Vive Focus 3 review: Good VR headset with a problem
HTC has launched the Vive Focus 3 standalone VR headset on the B2B market in 2021 alongside the Vive Pro 2. Is it good?
The Vive Pro 2 (review) could not convince me – the price-performance ratio was not great. The standalone VR headset Vive Focus 3 also relies on many features of the Vive Pro 2 – such as the poor lens design. Is the overall package still worth a recommendation for the business sector?
HTC Vive Focus 3 review in brief
The Vive Focus 3 is a good VR headset for the business sector. Home users can access SteamVR via streaming, and an account login is not absolutely necessary, but the package is too expensive for most consumers.
Comfort and tracking are good to excellent. However, the actual high-resolution image is plagued by glare and god-rays, which makes it very choppy – primarily in high-contrast scenes.
The HTC Vive Focus 3 is suitable for you if you …
- prefer a very sharp image in the sweet spot,
- don’t care about glare and godrays from hell,
- can trade a slightly wider horizontal field of view for a shorter vertical one,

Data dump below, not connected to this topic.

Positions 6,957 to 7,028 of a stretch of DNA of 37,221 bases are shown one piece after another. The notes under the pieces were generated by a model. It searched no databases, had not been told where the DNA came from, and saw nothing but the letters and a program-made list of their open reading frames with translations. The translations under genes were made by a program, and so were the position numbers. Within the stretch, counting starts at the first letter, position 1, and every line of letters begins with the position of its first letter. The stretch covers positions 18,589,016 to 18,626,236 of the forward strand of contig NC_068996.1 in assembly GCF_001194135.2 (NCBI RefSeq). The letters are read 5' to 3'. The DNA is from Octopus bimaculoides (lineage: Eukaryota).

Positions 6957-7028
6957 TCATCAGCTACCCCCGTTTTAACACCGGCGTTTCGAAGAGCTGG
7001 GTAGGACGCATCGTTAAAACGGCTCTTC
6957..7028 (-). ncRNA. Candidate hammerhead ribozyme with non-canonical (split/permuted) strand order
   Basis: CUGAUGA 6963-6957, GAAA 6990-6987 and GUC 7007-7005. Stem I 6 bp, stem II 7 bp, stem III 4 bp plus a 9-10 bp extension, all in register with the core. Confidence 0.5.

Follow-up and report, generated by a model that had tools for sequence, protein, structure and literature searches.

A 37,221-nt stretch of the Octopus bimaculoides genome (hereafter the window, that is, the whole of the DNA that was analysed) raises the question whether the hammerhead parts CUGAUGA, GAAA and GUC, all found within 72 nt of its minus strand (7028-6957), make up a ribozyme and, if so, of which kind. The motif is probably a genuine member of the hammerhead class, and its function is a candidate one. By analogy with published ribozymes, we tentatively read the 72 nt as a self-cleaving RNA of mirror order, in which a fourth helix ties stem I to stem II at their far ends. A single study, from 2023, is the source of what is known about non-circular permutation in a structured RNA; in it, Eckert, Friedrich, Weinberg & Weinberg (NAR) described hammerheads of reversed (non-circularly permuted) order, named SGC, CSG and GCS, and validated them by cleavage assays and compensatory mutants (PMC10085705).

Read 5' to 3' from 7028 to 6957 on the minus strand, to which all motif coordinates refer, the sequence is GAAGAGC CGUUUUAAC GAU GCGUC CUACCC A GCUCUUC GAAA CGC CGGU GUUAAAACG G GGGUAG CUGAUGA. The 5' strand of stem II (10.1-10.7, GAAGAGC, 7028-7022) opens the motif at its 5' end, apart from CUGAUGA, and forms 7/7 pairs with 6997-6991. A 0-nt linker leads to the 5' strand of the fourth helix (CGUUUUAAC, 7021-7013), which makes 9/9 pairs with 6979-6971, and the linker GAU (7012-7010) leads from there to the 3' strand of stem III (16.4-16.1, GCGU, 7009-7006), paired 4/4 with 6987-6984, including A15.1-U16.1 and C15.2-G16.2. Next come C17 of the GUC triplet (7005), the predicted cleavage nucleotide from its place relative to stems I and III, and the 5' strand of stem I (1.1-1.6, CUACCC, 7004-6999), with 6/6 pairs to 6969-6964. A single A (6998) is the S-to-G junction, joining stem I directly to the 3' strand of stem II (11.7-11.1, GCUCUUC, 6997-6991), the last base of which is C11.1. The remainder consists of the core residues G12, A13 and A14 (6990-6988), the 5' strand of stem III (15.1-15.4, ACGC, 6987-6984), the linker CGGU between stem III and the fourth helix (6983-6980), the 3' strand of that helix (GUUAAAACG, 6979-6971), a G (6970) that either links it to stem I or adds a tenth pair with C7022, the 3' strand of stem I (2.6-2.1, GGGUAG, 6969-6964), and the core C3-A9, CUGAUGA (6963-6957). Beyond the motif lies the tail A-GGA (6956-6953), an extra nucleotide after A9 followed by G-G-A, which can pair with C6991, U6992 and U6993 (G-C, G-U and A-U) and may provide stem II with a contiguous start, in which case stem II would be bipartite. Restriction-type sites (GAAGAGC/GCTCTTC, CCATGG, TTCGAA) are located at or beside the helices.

- are looking for a fairly comfortable VR headset with Inter-Pupillary Distance (IPD) control,
- want excellent tracking (but with a small flaw),
- have a thing for good Wi-Fi streaming and
- want to start various applications without logging into an account.
The HTC Vive Focus 3 is not suitable for you if you…
- expect a clear, smooth picture in VR,
- can only tolerate god rays and glare to a certain degree,
- do not want a flatter vertical field of view,
- prefer more ergonomic controllers, and
- are used to being able to make app purchases in VR, even in a B2B environment.
Vive Pro 2 + XR2 + replaceable battery
The Vive Focus 3 adopts the display and Fresnel lenses of the Vive Pro 2. Both VR headsets have a resolution of 2,448 x 2,448 pixels per eye and offer a wider-than-average field of view maxing out at 120 degrees thanks to the dual-stacked design. The vertical field of view, on the other hand, is truncated and flattened here as well. An incredibly variable IPD control allows the interpupillary distance to be set between 57 and 72 millimeters.